Philip J. Nel

Memorial tablet at 'Menneheim' near Greytown

Philip Jacobus Nel (17 June 1902 – 11 February 1984) was a South African rugby player.

The son of Piet Nel and Kitty Maritz, he was educated at Maritzburg College, matriculating as Head Prefect and captain of the rugby First XV in 1921. Nel enjoyed the rare distinction of earning a Natal (open) rugby cap while still at school. He made his debut for the Springboks against the 1928 All Blacks, and captained the side in 1933 (against the Wallabies) and on the all-conquering tour of Australia and New Zealand in 1937. Known affectionately as "The Greatest Springboks", Nel's 1937 team remains the only Springbok team ever to have won a test series in New Zealand.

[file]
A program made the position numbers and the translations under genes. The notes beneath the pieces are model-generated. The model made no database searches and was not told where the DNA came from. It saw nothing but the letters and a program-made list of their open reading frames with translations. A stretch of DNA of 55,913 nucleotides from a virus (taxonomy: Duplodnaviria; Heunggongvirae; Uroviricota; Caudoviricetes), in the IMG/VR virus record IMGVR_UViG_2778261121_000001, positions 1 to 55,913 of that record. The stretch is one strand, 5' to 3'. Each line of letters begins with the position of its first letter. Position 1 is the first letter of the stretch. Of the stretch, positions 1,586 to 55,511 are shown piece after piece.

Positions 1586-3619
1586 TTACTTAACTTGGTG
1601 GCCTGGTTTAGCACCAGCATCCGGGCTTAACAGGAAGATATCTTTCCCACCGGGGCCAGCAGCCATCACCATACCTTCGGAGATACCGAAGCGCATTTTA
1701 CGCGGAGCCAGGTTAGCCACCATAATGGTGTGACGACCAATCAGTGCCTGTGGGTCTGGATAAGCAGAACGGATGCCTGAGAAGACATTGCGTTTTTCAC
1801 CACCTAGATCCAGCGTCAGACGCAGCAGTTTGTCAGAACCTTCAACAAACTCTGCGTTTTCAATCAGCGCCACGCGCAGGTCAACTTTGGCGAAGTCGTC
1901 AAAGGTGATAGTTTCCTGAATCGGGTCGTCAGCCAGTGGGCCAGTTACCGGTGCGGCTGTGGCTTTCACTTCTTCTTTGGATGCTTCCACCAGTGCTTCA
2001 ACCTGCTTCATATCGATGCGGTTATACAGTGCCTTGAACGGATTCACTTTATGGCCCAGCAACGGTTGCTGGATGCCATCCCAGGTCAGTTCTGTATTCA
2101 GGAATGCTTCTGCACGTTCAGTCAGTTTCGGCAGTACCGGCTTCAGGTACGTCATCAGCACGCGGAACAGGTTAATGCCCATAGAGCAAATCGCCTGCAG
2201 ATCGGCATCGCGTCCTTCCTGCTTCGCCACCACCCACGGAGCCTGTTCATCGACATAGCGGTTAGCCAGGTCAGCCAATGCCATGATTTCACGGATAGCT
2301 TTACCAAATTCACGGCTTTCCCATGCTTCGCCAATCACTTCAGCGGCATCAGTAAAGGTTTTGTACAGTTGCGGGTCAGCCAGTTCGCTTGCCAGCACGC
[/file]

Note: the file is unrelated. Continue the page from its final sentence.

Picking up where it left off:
Nel saw action in World War II, serving as a major in the Umvoti Mounted Rifles.

Married to Jose Havemann, they produced a family of four children (Louise, Jeanne, Piet, and Zettamarie). Affectionately known as "oom Flip", he farmed at 'Vetspruit' and died at his home in Greytown on 11 February 1984, after a long illness.

He is one of five captains to lead his side to a test series win on New Zealand soil, along with Trevor Allan (1949 Australia), John Dawes (1971 British Lions), Andrew Slack (1986 Australia) and Philippe Saint-André (1994 France).

Sporting positions
Preceded by
Bennie Osler
Springbok Captain
Succeeded by
Danie Craven